Timing in patent applications more generally is revised in several respects. First, a patent application will not be denied on the grounds of a lack of novelty on account of the patented material having been previously made public (by the applicant) if the publication was made both (1) less than six months before the patent application and (2) for the purpose of public interest when a state of emergency or an extraordinary situation occurs in the country. A larger, more complex contribution of the Amendment is the establishment of a kind of “patent term compensation system”: if an invention patent is granted but only after a substantive examination taking longer than three years, the term of the invention patent should be lengthened to compensate for the extra time taken in the examination (excluding extra time attributable to the patent applicant).
Changes to Protecting Patent Rights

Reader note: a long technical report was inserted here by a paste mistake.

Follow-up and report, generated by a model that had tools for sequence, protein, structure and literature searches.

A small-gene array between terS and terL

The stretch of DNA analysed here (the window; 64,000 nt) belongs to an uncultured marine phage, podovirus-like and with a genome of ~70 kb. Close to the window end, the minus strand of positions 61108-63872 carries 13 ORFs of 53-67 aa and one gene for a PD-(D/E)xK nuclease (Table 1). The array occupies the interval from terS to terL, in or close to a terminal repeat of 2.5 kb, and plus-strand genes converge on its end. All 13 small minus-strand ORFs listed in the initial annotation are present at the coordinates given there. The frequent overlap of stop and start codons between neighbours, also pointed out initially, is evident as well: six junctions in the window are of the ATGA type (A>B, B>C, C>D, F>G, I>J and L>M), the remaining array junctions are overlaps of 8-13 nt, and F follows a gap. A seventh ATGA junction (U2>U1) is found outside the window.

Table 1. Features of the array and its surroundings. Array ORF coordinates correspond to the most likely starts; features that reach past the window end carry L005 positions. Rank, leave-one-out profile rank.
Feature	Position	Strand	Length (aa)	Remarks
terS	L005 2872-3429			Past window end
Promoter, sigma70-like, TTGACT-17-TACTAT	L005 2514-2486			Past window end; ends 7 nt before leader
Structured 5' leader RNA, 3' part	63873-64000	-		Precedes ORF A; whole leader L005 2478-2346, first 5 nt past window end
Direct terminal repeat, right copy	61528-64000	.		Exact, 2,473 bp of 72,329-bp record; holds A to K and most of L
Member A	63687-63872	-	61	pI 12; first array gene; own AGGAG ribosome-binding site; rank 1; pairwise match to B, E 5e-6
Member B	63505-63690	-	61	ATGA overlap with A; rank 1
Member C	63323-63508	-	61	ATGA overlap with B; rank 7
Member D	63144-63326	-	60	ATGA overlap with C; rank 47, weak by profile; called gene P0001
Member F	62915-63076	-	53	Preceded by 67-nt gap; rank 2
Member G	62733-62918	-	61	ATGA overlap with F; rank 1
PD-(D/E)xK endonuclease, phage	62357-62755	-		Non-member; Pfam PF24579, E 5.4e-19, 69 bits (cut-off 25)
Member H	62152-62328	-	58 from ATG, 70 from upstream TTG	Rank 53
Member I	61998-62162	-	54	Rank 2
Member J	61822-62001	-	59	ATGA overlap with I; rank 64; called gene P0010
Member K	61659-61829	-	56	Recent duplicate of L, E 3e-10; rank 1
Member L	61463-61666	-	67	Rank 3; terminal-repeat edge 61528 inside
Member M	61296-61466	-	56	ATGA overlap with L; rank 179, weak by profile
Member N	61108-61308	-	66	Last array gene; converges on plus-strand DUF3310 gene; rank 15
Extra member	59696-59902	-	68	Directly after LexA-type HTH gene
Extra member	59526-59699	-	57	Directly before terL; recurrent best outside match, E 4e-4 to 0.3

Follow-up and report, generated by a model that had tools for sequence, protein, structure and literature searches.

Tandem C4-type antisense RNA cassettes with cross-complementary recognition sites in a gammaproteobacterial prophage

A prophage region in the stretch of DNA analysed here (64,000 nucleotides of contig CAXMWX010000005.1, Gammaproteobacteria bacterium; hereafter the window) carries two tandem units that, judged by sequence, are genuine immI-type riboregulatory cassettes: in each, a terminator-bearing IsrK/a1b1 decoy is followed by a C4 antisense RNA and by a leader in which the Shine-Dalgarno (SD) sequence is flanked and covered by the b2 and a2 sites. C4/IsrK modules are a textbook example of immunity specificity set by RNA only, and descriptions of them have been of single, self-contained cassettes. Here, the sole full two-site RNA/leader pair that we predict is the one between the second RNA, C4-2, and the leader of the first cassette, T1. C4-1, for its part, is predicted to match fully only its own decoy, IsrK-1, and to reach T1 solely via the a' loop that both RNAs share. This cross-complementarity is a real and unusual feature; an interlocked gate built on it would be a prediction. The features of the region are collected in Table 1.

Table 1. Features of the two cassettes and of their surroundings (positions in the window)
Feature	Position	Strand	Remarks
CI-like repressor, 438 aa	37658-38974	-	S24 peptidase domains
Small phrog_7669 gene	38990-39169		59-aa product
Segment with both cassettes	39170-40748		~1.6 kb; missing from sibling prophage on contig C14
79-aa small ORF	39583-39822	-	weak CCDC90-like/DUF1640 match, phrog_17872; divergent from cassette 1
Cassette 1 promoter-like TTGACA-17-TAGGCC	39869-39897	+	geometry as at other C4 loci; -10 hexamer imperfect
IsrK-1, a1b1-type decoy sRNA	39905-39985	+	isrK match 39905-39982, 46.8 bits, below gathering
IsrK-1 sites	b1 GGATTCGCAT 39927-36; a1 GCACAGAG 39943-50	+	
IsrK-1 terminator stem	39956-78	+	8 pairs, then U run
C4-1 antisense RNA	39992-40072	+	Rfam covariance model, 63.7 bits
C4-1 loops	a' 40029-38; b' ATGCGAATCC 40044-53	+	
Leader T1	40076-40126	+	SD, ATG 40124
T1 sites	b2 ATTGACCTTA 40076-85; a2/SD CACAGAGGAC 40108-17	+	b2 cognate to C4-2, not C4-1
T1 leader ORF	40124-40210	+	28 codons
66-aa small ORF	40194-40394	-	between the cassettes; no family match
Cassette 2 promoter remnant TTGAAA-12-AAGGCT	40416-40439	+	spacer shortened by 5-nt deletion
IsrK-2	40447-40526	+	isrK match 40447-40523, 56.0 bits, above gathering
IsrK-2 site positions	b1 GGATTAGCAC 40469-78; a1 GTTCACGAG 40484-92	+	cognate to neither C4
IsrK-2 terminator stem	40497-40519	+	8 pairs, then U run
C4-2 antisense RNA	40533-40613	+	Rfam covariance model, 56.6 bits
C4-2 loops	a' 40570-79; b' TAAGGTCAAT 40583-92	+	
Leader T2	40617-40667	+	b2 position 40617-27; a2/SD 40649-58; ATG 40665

The Amendment introduces several principles or rules that may affect the initiation and conduct of lawsuits over patent infringement. For example, parties attempting to enforce their patent rights will have to do so “in good faith”; though the full potential meaning and effect of this principle must remain to be seen in practice, the Amendment does at least specify that using – or, rather, misusing – patent rights to eliminate or restrict market competition will be subject to the Anti-Monopoly Law. Another change that might curb suits against (alleged) infringement is the provision that when a party is sued for patent infringement, it may obtain an “evaluation report” (for utility and design patents) from the China National Intellectual Property Administration (CNIPA) and submit it to the court, something that only a plaintiff has been able to do until the Amendment; if the report concludes the allegedly infringed patent is invalid for any reason, the court will try to persuade the plaintiff to withdraw the claim(s) of infringement that are based on the patent. On the other hand, the Amendment also introduces a mechanism for shifting the burden of proof regarding damages onto a defendant in a patent suit: specifically, if a rightsholder has “endeavored to present evidence” of a fact concerning damages, e.g., the amount of sales of an infringing patent, but the most relevant evidence is mainly in the control of the alleged infringer (e.g., account books), the court may order the latter to submit the relevant evidence; if the latter does not, the court can rely for its ruling on the evidence presented by the rightsholder.